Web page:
Top critical review
Close, so close
Reviewed in the United States on July 7, 2018
First, it's generally good because it's approved and keeps the kids from running around the airplane or (presumably) dying in a crash.
But it's got some gaps that make it hard to use, or hacks you need to know to work with it right.
First off, there's no practicing at home. Airplane seats, and seatbelts, are not like anything else you have access to. So, you will be confused the first time you install it. And, the instructions are not that useful for all these tips. So, let's take it one at a time, how you install it. Instructions are on paper, so you cannot refer to them while installing it.
Ideally, it would have each step silkscreened to the straps, and the bag would include that it's approved under whichever regulations by the FAA, IATA, etc.
Silkscreened, not paper tags sewn on with chewing gum. See, our baby (being a baby) threw up while in it. This is totally predictable, but just like all car seats are not designed to handle this, it was very hard to clean the harness. So when we got home, we washed it. Gently, and yet ALL the tags about safety, certifications, how to use it, and who to return to when found, fell off. They are not even sewn badly, but are literally stickers. Serious minus for that again.
1) Avoid a rear bulkhead seat. When booking the flight, do not get the last seat in any plane, as you need to be behind the seat to set it up. While no seats are bolted to bulkheads, some do not have ANY room behind, and you won't get the thing installed.
2) Don't drop the harness. It's in a horrific bag, slippery and with no particular way to close it (it should have a toggle, but instead has a piece of tube that doesn't hold it closed). It should, actually, have some tiedowns and a caribiner to clip to the outside of your luggage so you have it close at hand. But it doesn't.
3) Get on the plane early. Some airlines like American have stopped pre-boarding, but try to be first in line with your obvious child, or ask if you can pre-board. You will need time to set up, and you will be intruding on the space behind your seat, so you need to get
4) Be prepared for flight attendants to not be familiar with it. Maybe bring a copy of the air regulations to prove it's permitted. Some are very familiar, and may even help you install it. Take the help.
5) Clear the seat you'll be getting the kid into, and make installing the seatbelt your only job. If you are traveling alone with the child, good luck. You need all your hands to do this. Kneel or stand facing to the back of the aircraft and get the harness out.
6) Open the tray table on the seat behind you. I can reach over, but if you are short, this may involve moving to the seat row behind you. Or standing on the seat you are working on. Or, having a flight attendant or traveling companion help.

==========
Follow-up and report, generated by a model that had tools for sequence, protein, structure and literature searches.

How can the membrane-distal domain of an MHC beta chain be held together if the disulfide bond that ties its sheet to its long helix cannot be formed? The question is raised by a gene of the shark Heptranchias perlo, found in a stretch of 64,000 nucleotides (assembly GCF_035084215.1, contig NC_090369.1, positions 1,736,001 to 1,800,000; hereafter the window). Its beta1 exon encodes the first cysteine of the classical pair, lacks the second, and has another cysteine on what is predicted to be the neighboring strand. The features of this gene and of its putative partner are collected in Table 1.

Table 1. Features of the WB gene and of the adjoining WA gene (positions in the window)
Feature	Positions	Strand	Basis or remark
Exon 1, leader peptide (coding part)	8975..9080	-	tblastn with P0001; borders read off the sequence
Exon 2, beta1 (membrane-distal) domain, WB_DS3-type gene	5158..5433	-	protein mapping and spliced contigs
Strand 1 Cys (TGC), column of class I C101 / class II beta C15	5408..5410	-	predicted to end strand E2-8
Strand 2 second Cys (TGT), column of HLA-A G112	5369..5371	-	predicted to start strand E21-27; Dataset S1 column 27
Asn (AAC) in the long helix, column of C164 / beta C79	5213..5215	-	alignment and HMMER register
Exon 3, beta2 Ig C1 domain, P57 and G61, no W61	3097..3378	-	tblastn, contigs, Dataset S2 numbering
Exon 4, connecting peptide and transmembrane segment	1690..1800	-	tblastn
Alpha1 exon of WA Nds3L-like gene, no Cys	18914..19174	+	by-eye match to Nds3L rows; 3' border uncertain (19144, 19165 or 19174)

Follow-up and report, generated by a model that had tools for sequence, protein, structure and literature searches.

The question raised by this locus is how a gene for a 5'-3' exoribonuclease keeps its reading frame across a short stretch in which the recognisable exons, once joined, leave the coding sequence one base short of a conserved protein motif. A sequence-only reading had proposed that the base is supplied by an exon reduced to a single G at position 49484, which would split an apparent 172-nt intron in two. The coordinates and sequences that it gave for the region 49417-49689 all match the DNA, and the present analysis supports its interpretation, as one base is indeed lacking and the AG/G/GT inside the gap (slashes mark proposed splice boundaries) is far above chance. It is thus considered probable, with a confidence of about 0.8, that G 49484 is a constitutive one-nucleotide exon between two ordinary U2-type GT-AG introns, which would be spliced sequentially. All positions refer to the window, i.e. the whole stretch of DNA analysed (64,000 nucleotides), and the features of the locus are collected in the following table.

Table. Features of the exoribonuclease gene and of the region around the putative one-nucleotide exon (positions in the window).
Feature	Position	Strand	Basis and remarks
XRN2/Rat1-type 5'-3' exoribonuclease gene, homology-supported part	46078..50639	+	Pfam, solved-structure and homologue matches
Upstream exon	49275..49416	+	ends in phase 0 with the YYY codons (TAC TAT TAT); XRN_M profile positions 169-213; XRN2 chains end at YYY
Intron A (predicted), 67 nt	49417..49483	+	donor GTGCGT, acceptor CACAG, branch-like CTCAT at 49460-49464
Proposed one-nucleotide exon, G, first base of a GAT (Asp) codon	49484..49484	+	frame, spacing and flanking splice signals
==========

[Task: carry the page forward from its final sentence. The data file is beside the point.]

7) Loop the red strap OVER the seat. Make sure the black straps are facing you, then drop it down from the top, until you are near the top of the tray table slot.
8) Tighten the strap.
This is a weird strap to most of us. The black tail is used to loosen. Pull the loose end of the red strap to tighten. You will need to take up slack, by moving the slider around so the loose strap is not loose.
This tightening is the most finagled part of the operation. It will take a couple tightenings, the slider will need to go around the edge of the seat which it cannot do when tight, and you need to finagle it all.
Make sure the black straps are approximately centered in the seat.
When tight, it won't slide down if you tug on the black straps.
9) Close the tray table behind you.
10) Find the seatbelt. Loop it through the bottom of the black straps. This is a pre-check to make sure you found them, the height is right and to understand how it works. These won't stay there, so you'll do it again when the kid is installed. LOOSEN the seatbelt, and unclip it. You need slack later on with squirming kid.
To adjust height, the gray buttons on the black straps release tension to loosen, or tug on the loose end to tighten.
11) Get your anti-slip pad. Oh, they didn't include one? Correct. Airline seats are slippery, and your kid will slouch and choke himself to death on the sternum strap. Get a seat-sized piece of anti-skid matting (like the rubberized shelf liner mesh) and pack in the bag.
12) Stick your kiddo's bottom on the matting, as far back in the seat as you can. Ideally, someone else holds them there while you do the rest.
13) Drop the straps over their body, and clip the sternum strap. Unlike on a car seat, the straps at top are rigidly attached so they are pretty locked in at this point and won't easily escape.
14) Loops the seatbelt back through the lower bits of the black straps, and clip it. Slowly tighten. So you can tell where it goes. Yeah, yeah, seatbelts should be low-and-tight. No. It should be low but pulling them, to the REAR of the seat. If it pulls down they can squirm out, etc.
15) Adjust the height with the gray buttons etc. as I mentioned before. Get the seatbelt as low as possible, while still being up on their belly, not down on their legs per se.
16) Tighten the belt. Pretty tight. A tidge tighter than car seat tight I say. You may loosen if your kid is calm or asleep later, but it's a wide belt so isn't uncomfortable when tight.
17) SECURE THE BELT. Airline seatbelts are mostly the pull-up-to-release type and are trivial for even a 6 month old to release. There is, inexplicably, so accounting for this by the product.
I just loop the loose end of the seatbelt back over it, through the black straps, back round, etc. and sort of knot it so it's blocked.
Yes, this seems horribly dangerous if we had to get out in a crash, but planes don't crash.
Removing it is easier, as while the reverse pretty much, now you know how it works!